Central Implementation Strategies Outperform Local Ones in Improving HIV Testing in Veterans Healthcare Administration Facilities
- First Online:
- Cite this article as:
- Goetz, M.B., Hoang, T., Knapp, H. et al. J GEN INTERN MED (2013) 28: 1311. doi:10.1007/s11606-013-2420-6
- 243 Views
Pilot data suggest that a multifaceted approach may increase HIV testing rates, but the scalability of this approach and the level of support needed for successful implementation remain unknown.
To evaluate the effectiveness of a scaled-up multi-component intervention in increasing the rate of risk-based and routine HIV diagnostic testing in primary care clinics and the impact of differing levels of program support.
Three arm, quasi-experimental implementation research study.
Veterans Health Administration (VHA) facilities.
Persons receiving primary care between June 2009 and September 2011
A multimodal program, including a real-time electronic clinical reminder to facilitate HIV testing, provider feedback reports and provider education, was implemented in Central and Local Arm Sites; sites in the Central Arm also received ongoing programmatic support. Control Arm sites had no intervention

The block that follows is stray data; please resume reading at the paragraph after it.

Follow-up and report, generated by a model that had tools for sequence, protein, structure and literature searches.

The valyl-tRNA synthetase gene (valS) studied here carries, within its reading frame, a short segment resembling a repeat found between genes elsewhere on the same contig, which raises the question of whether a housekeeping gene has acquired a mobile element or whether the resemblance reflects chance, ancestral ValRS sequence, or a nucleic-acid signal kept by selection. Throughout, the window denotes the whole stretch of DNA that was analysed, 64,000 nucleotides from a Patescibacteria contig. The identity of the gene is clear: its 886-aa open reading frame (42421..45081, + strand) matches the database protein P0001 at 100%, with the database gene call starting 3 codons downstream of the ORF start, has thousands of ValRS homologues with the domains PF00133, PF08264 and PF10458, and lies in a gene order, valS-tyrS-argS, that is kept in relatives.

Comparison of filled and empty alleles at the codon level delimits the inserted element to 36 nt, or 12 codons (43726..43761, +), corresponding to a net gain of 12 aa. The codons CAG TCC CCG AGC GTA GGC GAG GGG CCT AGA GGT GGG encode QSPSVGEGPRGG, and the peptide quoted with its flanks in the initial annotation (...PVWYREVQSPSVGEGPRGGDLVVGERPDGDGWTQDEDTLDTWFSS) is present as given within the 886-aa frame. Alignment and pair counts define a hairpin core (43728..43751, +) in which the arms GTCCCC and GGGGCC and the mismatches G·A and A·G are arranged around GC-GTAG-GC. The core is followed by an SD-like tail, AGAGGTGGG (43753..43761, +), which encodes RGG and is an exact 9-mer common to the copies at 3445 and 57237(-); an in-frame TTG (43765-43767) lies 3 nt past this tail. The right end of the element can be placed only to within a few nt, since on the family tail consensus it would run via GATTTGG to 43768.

Frequency of performing HIV testing during the 6 months before and after implementation of a risk-based clinical reminder (phase I) or routine clinical reminder (phase II).
The adjusted rate of risk-based testing increased by 0.4 %, 5.6 % and 10.1 % in the Control, Local and Central Arms, respectively (all comparisons, p < 0.01). During phase II, the adjusted rate of routine testing increased by 1.1 %, 6.3 % and 9.2 % in the Control, Local and Central Arms, respectively (all comparisons, p < 0.01). At study end, 70–80 % of patients had been offered an HIV test.
Use of clinical reminders, provider feedback, education and social marketing significantly increased the frequency at which HIV testing is offered and performed in VHA facilities. These findings support a multimodal approach toward achieving the goal of having every American know their HIV status as a matter of routine clinical practice.